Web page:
If you don't want to use EBS, it's hard to know where to even start. A dilemma to which Kevin Nuckolls gives a great answer:

Well, you break your services out onto stateless and stateful machines. After that, you make sure that each of your stateful services is resilient to individual node failure. I prefer to believe that if you can't roll your entire infrastructure over to new nodes monthly then you're unprepared for the eventual outage of a stateful service.

Most databases have replication but you need to make sure that the characteristics of how the database handles a node failure are well understood. Worst case you use EBS, put your state on it, snapshot it regularly, and ship those snapshots to another region because when EBS fails it fails hard.

Also, logs make every machine stateful. Use something like logstash to centralize that state.

If ELB is down in a given region then DNS failover to another region. Assuming you feel comfortable rolling your entire infrastructure monthly, have good images / configuration management, and have the state replicated in the backup region. That or sidestep ELB in your region to a team of stateless load balancers that terminate SSL.

Jeremy Edberg to a question about how to run databases without EBS, says:

By having good replication, either hand rolled or built in.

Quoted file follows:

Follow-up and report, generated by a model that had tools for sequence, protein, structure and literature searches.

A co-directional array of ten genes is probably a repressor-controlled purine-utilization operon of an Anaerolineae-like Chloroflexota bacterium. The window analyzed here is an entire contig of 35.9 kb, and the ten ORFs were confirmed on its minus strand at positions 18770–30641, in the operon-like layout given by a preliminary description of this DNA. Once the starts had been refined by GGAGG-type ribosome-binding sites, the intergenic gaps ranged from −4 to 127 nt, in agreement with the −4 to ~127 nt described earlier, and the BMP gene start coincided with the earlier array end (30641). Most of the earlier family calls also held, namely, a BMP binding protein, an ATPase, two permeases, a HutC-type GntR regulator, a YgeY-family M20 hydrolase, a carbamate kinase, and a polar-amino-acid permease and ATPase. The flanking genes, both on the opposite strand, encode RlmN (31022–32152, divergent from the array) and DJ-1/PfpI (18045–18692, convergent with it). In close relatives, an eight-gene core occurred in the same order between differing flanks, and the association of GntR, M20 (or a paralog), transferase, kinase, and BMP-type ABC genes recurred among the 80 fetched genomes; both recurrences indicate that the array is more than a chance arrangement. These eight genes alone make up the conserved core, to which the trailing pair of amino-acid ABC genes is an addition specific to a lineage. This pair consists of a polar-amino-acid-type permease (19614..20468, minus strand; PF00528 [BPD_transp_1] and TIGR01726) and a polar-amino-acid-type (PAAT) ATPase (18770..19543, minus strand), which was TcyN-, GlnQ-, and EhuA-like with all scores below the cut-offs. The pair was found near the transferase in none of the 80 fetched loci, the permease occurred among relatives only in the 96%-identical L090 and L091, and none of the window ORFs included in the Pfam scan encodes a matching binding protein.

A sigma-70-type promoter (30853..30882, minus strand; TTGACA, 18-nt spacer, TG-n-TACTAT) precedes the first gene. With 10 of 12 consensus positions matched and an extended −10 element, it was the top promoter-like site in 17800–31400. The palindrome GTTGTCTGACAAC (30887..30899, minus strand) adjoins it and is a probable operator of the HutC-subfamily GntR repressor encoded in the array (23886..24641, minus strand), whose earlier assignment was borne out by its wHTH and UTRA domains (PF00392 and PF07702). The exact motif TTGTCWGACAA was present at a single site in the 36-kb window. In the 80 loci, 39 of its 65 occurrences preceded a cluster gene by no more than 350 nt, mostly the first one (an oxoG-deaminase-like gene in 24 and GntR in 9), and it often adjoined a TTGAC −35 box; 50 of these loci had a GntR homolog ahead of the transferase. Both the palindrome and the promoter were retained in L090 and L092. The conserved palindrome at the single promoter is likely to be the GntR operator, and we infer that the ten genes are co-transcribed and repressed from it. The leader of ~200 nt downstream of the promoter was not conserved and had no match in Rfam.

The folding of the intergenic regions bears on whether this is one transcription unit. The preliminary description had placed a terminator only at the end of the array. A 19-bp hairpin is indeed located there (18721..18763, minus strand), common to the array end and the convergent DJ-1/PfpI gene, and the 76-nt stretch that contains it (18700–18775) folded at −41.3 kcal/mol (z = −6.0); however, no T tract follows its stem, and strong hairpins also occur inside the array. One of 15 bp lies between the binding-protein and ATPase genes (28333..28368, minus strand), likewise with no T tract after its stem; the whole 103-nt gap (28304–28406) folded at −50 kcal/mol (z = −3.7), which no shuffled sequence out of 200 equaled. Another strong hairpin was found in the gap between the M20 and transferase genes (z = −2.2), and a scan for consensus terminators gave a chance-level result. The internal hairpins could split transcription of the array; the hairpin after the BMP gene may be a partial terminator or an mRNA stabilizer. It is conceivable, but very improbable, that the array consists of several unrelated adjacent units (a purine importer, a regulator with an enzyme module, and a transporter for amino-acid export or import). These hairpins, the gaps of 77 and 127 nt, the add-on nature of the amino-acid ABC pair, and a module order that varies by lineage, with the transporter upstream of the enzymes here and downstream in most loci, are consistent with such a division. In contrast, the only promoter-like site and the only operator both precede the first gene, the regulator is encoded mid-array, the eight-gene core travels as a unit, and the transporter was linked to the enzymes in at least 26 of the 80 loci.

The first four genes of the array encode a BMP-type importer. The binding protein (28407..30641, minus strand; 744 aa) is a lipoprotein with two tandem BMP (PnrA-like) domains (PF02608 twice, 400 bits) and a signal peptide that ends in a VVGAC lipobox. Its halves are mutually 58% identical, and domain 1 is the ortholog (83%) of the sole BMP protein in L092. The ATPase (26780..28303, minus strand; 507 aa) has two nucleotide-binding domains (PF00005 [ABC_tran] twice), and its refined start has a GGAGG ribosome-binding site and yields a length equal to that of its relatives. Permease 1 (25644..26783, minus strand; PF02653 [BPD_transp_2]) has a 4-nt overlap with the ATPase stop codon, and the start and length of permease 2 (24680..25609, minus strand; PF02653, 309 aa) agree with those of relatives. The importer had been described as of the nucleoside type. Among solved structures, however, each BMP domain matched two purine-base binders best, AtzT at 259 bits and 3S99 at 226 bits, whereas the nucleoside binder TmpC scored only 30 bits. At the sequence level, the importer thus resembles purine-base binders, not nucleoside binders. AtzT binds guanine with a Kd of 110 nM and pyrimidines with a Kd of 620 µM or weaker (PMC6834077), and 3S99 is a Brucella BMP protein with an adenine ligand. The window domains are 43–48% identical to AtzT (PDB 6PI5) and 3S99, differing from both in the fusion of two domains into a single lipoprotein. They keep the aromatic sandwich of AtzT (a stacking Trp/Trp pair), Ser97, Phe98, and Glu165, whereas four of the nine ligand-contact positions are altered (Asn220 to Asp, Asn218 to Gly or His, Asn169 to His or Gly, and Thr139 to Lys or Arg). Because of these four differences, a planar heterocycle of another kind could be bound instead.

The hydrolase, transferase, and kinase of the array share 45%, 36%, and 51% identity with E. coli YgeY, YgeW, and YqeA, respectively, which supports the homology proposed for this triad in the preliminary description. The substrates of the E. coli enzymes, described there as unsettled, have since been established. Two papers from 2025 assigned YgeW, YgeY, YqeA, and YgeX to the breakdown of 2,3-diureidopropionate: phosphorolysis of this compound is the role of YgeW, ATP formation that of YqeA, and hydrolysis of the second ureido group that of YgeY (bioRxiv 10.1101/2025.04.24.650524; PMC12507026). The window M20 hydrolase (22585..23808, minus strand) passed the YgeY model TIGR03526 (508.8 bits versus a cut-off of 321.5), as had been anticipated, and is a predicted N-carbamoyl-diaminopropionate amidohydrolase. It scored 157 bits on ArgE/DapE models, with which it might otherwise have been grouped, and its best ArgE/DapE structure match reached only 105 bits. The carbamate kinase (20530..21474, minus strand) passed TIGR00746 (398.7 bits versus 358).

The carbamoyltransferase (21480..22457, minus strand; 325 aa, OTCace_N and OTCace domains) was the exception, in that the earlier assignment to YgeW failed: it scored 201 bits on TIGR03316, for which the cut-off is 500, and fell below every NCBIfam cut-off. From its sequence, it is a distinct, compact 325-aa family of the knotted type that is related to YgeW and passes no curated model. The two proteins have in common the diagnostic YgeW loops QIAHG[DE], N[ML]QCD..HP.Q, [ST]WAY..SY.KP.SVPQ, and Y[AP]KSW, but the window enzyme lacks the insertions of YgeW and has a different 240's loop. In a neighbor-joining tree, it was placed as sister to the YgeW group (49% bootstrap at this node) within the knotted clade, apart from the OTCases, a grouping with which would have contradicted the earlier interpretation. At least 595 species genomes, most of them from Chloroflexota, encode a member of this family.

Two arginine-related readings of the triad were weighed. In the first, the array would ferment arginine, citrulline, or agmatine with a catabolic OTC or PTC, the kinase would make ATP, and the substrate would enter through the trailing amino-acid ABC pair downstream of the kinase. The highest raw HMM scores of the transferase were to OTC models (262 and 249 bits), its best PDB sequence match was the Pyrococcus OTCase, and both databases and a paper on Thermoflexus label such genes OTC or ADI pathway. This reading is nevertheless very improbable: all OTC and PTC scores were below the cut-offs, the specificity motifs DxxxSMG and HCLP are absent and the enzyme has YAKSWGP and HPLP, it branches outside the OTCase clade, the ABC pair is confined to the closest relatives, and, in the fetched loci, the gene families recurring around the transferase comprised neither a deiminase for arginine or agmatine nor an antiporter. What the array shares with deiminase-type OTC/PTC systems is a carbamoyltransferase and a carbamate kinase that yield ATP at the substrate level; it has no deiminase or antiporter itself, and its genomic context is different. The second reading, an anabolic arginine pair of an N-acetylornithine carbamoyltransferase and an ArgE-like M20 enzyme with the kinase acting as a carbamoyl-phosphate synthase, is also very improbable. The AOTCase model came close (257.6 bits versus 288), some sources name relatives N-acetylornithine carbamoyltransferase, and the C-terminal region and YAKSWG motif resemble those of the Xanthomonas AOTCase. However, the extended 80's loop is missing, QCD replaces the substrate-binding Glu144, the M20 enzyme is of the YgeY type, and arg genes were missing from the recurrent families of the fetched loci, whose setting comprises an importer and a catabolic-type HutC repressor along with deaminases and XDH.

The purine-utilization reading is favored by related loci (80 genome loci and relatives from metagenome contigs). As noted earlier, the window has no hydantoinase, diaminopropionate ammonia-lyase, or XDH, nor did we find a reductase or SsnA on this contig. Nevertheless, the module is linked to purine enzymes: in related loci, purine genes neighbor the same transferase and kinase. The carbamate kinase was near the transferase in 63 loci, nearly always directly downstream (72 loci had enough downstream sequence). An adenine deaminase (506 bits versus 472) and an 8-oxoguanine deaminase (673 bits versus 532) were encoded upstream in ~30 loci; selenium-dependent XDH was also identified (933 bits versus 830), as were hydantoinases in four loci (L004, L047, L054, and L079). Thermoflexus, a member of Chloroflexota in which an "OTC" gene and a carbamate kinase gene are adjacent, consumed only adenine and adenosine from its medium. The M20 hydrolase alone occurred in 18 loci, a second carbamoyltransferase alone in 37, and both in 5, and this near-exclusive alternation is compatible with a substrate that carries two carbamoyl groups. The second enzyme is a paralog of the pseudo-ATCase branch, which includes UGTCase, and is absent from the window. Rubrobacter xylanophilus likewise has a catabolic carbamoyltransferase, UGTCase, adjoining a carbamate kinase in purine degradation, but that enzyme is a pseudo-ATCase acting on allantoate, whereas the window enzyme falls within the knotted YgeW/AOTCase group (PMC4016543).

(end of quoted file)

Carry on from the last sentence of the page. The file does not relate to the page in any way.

At Netflix we use Cassandra and store all data on local instance storage. We don't use EBS for databases.

Categories: Architecture

Test Automation Framework Architecture

Making the Complex Simple - John Sonmez - Mon, 04/14/2014 - 16:00

Test automation framework architecture efforts are often complete failures. It’s true. I’ve worked with many companies who have given up on creating a good test automation framework architecture, because after investing a large amount of time and money and resources in doing it the wrong way, they have incorrectly assumed the entire effort is not […]

The post Test Automation Framework Architecture appeared first on Simple Programmer.

Categories: Programming

Help Me Promote My New FREE Book!

NOOP.NL - Jurgen Appelo - Mon, 04/14/2014 - 13:00
Stoos Sparks

The PDF version of my new book will be free. Soon!
Now that the writing of my third book is nearing completed (estimated release date of the free PDF version: 3rd week of May) it seems I will have some more time to talk about it.

Tomorrow (Tuesday) I will appear in a Stoos Sparks webinar episode, to discuss remote collaboration, together with Dawna Jones, Lisette Sutherland and Elinor Slomba

The post Help Me Promote My New FREE Book! appeared first on NOOP.NL.

Categories: Project Management

Why Have a Strategy?

To be able to change it.

Brilliant pithy advice from Professor Jason Davis’ class,Technology Strategy (MIT’s OpenCourseWare.)

Categories: Architecture, Programming

Scrum Repair Guide Giveaway

Mike Cohn's Blog - Mon, 04/14/2014 - 03:11

Our newest venture, Front Row Agile, launched last week to bring online agile and Scrum training from the industry's leading educators to people all over the world.

To celebrate its launch, we're running a raffle to give away my newest online training, the "Scrum Repair Guide," to one winner.